Pope Francis on Holocaust Remembrance Day: Memory and Vigilance
Pope Francis on Wednesday condemned the systematic murder of six million Jews in the Holocaust, calling on the Catholic faithful worldwide and all persons of good will to protect the memory of the dark chapter in human history.
“Remembering is an expression of humanity,” Pope Francis said. “Remembering is a sign of civilization,” he continued. “Remembering is a condition for a better future of peace and fraternity.”
The Holy Father made his remarks during his weekly General Audience on Wednesday, 27 January, which is International Holocaust Remembrance Day.
The United Nations officially declared the Day in the year 2005, to ensure the memory of the six million Jewish victims of Nazi terror is never extinguished and teach future generations of the horror.
Five years before, in January 2000, representatives of forty-six governments worldwide met in Stockholm and issued a declaration establishing the day in their respective countries.
“The magnitude of the Holocaust, planned and carried out by the Nazis, must be forever seared in our collective memory,” the Stockholm Declaration proclaims. “The selfless sacrifices of those who defied the Nazis, and sometimes gave their own lives to protect or rescue the Holocaust’s victims, must also be inscribed in our hearts.”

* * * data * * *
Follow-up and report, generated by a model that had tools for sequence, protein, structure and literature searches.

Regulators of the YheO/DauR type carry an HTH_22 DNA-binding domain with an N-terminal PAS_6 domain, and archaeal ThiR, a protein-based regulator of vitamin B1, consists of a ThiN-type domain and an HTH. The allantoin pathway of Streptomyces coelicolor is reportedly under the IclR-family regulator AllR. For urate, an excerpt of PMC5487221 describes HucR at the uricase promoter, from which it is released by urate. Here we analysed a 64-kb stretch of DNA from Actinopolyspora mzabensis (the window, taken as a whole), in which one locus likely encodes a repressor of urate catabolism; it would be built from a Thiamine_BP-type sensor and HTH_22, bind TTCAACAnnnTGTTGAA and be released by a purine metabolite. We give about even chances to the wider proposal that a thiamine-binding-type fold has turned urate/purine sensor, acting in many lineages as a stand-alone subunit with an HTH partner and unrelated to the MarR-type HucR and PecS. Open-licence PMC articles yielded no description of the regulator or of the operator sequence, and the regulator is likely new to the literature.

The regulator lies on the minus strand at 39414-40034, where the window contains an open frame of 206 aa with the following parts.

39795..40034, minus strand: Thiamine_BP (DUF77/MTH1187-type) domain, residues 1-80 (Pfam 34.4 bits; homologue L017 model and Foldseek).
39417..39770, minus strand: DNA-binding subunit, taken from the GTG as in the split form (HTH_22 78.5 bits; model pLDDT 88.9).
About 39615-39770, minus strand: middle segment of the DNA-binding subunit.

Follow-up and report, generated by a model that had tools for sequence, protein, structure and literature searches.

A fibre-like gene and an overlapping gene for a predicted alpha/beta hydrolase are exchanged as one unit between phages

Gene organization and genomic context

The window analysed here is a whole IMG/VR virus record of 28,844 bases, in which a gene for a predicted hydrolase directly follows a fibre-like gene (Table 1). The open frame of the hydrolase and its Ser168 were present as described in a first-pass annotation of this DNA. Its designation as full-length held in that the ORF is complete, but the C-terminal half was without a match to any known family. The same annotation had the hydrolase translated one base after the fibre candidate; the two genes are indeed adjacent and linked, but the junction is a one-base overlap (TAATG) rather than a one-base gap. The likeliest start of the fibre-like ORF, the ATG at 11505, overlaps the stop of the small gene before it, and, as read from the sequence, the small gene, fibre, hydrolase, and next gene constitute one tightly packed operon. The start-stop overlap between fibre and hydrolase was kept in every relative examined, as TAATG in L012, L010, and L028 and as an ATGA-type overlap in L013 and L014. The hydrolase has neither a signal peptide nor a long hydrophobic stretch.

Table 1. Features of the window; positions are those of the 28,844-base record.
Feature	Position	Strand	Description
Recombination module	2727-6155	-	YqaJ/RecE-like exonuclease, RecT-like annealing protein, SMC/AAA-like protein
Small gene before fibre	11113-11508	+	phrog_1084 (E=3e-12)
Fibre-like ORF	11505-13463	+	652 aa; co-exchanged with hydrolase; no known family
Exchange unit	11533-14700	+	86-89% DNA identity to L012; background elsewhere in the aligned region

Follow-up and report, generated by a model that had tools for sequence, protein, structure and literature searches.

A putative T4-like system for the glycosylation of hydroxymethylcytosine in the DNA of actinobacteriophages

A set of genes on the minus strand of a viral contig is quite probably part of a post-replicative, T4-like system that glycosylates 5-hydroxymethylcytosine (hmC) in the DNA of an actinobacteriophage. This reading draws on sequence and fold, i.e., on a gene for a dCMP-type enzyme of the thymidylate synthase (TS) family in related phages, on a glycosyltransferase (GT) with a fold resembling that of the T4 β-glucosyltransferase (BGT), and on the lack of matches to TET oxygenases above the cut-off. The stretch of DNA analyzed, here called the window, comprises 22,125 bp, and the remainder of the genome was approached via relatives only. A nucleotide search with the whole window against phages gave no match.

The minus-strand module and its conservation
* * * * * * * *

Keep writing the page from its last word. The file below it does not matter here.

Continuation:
“The depths of that horror,” the Declaration goes on to say, “and the heights of their heroism, can be touchstones in our understanding of the human capacity for evil and for good.”
The date of 27 January marks the anniversary of the Red Army’s liberation of Nazis’ Auschwitz-Birkenau camp complex.
“Remembering also means being careful,” said Pope Francis on Wednesday, “because these things could happen again, beginning with ideological proposals intended to save a people and ending by destroying a people and humanity.”
Anti-Semitic violence and harassment has been on the rise in recent years, including a mass murder at the Tree of Life Synagogue in Pittsburgh in 2018. One of the rioters who stormed the US Capitol was wearing a “Camp Auschwitz” t-shirt. A similar article was being sold on e-commerce site Etsy until the company pulled the offering in the wake of outrage.
In Germany in October of 2019, a man armed with firearms and explosives and equipped with a camera attempted to carry out a massacre on a synagogue in Halle during services on Yom Kippur, the holiest day on the Jewish calendar.
“If I fail and die but kill a single Jew, it was worth it,” the 27-year-old attacker wrote in a manifesto. “After all, if every White Man kills just one, we win.”
Unable to gain entry to the house of worship, he shot and killed a woman on the street near the synagogue door, then drove to a nearby kebab shop and killed another man. He shot and wounded two other people.
In his remarks on Wednesday, Pope Francis urged vigilance, saying we must be attentive “to how this path of death, of extermination, and brutality begin.”